Tuesday, January 04, 2011

Executive dysfunction, problem-solving and depression

People with executive dysfunction have problems setting goals, planning, initiating and sequencing behaviour. Executive dysfunction is often a symptom of depression and a team of researchers from Weill Cornell Medical College in New York studied the effectiveness of two different kinds of therapy in combating it in a study of 221 older adults with depression. Problem-solving therapy (PST) helps patients identify the most important problems in their lives, select solutions and make concrete plans for dealing with them while supportive therapy (ST) is more like counselling being based on 'active listening' and offering support in a non-judgemental environment. The participants were divided into two groups, each having either PST or ST, and received 12 weekly sessions of therapy. After six weeks both groups had shown comparable levels of improvement, however, the group receiving PST showed greater improvements after nine and 12 weeks and this difference was still there 24 weeks after the end of treatment. PST was particularly helpful for people who had cognitive problems and who had had more previous episodes of depression.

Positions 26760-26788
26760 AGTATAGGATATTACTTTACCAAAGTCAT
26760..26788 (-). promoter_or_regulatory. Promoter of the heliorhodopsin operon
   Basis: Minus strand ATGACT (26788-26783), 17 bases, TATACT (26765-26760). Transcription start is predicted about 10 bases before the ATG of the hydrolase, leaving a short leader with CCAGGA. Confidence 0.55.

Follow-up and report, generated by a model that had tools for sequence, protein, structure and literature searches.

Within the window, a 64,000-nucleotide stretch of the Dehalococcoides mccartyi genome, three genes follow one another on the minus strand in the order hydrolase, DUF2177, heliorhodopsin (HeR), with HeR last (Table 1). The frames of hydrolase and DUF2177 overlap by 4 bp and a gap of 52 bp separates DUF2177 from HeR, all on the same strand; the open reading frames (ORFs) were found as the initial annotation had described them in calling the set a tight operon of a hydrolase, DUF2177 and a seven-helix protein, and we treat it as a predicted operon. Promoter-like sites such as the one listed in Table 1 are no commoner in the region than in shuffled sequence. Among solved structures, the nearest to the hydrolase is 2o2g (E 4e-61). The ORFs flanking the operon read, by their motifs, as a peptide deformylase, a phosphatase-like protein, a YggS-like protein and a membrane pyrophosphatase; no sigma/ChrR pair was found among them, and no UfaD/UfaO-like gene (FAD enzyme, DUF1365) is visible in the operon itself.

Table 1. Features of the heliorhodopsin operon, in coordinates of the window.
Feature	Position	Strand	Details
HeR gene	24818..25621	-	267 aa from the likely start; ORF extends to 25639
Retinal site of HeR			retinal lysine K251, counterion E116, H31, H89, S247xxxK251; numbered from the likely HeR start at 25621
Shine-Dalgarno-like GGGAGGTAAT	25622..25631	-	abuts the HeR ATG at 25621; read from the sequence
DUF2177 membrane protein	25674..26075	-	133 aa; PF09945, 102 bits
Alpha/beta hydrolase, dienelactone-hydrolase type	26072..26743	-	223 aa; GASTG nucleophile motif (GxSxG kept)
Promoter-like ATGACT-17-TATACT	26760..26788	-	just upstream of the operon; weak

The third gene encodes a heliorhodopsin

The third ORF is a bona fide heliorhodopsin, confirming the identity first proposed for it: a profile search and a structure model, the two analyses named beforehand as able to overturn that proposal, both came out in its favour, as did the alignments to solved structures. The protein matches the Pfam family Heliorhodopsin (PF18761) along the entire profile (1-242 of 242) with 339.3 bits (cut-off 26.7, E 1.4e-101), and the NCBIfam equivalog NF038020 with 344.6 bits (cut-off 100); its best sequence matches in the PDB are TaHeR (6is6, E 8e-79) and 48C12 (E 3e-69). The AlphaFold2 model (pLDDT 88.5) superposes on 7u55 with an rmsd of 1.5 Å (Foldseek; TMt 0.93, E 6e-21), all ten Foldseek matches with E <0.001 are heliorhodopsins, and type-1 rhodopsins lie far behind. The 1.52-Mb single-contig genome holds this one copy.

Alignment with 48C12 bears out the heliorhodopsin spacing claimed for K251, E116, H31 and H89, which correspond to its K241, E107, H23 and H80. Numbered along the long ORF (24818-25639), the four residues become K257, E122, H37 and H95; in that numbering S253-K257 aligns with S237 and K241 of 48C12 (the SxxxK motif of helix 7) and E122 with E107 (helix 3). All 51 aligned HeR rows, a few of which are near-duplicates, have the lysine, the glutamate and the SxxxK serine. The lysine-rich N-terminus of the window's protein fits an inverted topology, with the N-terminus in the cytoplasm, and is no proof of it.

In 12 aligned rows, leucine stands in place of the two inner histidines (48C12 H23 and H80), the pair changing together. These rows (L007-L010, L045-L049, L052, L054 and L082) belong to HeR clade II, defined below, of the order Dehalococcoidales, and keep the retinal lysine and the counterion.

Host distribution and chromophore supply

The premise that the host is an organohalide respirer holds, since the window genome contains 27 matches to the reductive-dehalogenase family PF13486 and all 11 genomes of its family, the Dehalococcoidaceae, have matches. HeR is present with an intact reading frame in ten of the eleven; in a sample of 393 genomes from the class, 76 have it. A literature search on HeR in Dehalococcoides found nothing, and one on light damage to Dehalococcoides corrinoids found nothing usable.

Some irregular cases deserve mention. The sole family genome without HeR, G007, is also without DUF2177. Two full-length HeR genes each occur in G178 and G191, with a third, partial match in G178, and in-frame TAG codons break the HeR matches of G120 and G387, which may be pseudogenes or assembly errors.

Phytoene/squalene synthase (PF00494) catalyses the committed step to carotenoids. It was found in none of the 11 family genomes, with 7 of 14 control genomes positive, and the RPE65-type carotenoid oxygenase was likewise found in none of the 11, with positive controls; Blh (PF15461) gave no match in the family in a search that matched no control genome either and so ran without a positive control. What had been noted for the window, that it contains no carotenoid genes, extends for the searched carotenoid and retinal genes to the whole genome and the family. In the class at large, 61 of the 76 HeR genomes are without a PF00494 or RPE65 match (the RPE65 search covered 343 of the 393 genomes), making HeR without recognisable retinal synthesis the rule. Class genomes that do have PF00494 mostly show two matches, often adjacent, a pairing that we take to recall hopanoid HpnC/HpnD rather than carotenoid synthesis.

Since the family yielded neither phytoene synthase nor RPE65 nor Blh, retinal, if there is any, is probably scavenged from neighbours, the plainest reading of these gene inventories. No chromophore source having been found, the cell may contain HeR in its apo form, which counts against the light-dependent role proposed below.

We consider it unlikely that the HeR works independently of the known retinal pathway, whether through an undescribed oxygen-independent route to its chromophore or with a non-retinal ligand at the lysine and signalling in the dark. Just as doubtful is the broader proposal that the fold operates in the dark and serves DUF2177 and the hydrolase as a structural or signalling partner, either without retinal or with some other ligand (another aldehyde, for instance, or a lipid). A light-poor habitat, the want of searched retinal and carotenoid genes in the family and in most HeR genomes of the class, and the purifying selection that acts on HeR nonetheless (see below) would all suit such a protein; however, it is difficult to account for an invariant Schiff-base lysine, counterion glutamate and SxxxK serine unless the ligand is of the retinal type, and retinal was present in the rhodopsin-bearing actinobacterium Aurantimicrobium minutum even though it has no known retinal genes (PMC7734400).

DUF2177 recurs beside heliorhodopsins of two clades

Alexopoulos, George S. ... [et al] - Problem-Solving Therapy and Supportive Therapy in Older Adults With Major Depression and Executive Dysfunction: effect on disability Archives of General Psychiatry January 2011, 68(1): 33-41

No comments: